The number of uninsured children in Arkansas rose by 3,000 from 2016 to 2017, marking the first year since 1997 that the number has increased, according to a report released Thursday.
The rise follows a national trend that shows an estimated 276,000 more children lacked insurance in 2017 than in 2016, up to 3.9 million children from 3.6 million the previous year, according to the report by the Georgetown University Health Policy Institute Center for Children and Families.
It is the first time the report has shown an increase nationally since the institute began recording the numbers in 2008.
Arkansas sits in the middle of the pack in terms of the number of uninsured children, ranking 20th in the nation with 33,000. Arkansas' percentage of uninsured children is 4.4 percent, better than all but two of its surrounding states, Tennessee and Louisiana.
In Tennessee, 71,000 (4.4 percent) of children are uninsured -- the same percentage as Arkansas and lower than the national average of 5 percent. Louisiana has 36,000 uninsured children, or 3.1 percent.
Texas has the highest number of uninsured children in the nation at 835,000, which is 21 percent of all the nation's uninsured children.
Marcy Doderer, president and CEO of Arkansas Children's Hospital, said the increase in the number of uninsured children in Arkansas is fairly small and that the state is doing a good job of providing children with health insurance.
"Arkansas currently does well by kids," she said.
Doderer expressed concern that surrounding states that have markedly more uninsured children could eventually affect Arkansas.
If Arkansas' economy continues to improve, in line with state officials' plans, then the better circumstances will draw families from neighboring states. Doderer said parents from those states could be conditioned to being unable to obtain state health insurance for their children and less likely to seek it here.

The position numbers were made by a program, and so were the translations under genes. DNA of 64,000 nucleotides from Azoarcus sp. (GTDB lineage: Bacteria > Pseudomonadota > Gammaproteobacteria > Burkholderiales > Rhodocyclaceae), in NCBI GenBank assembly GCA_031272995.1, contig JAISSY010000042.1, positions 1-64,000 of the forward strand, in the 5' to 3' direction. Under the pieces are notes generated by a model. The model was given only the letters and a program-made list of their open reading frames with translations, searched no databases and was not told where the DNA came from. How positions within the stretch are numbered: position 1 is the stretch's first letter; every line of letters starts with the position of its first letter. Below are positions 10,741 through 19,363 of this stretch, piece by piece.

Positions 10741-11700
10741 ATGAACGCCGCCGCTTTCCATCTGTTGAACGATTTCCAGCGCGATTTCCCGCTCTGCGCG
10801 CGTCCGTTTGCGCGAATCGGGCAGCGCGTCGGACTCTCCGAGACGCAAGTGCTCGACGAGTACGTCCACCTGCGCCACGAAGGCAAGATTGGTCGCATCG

The report said the national uptick in uninsured children can be traced to attempts to overhaul publicly funded health care.
The study blamed the increases on repeated efforts by Republicans to repeal the Patient Protection and Affordable Care Act. It also noted that President Donald Trump's administration dramatically cut the law's outreach and enrollment grants and shortened the time period in which people can enroll in coverage.
Such actions made families less likely to enroll in health care, the report said.
"The Trump administration has done everything that it possibly could to undermine the Affordable Care Act," said Rich Huddleston, executive director of Arkansas Advocates for Children and Families.
The report also noted the administration's increased pressure on immigrant families, which it said reduced the trust those families have in government operations and therefore decreased the likelihood they would enroll their children in publicly funded health care.
The report's authors also expressed concern that the uptick in uninsured children will continue unless officials take immediate and drastic measures.
Huddleston said he believes the newly established work requirement for Arkansas Works will indirectly raise the number of uninsured children.
Even though parents are exempt from the stipulation, Huddleston said he believes they'll be intimidated by the work requirement and under the impression that it would apply to them, which would deter parents from applying for the coverage.
Huddleston said parents often learn about the state's insurance program for children, ARKids First, when they sign up for Arkansas Works. So if fewer parents enroll in Arkansas Works, Huddleston worries that fewer parents will know about ARKids First and will fail to enroll their children.
Gov. Asa Hutchinson, who has lauded the state's work requirement, disagreed.
"A parent or guardian with a dependent at home is exempt from the Arkansas Works work requirement," Hutchinson said in a released statement. "It is hard for me to believe, based on that fact, that a parent or guardian would choose not to apply for Arkansas Works for that reason."
Joe Thompson, a pediatrician and president of the Arkansas Center for Health Improvement, said access to children's insurance is important because uninsured children face increased health problems.
When children are uninsured, parents usually aren't able to pay for preventive care, which is important early in life, he said.
"If you don't have a financial mechanism to help pay for the doctor, you're less likely to go to the doctor," Thompson said.
Thompson said it's crucial for parents to take their children to the doctor during the first few years of life to address early developmental problems.
"A kid's direction in life is largely set by the time they enter kindergarten," Thompson said.
A Section on 11/30/2018
Print Headline: Arkansas sees first increase in uninsured children since 1997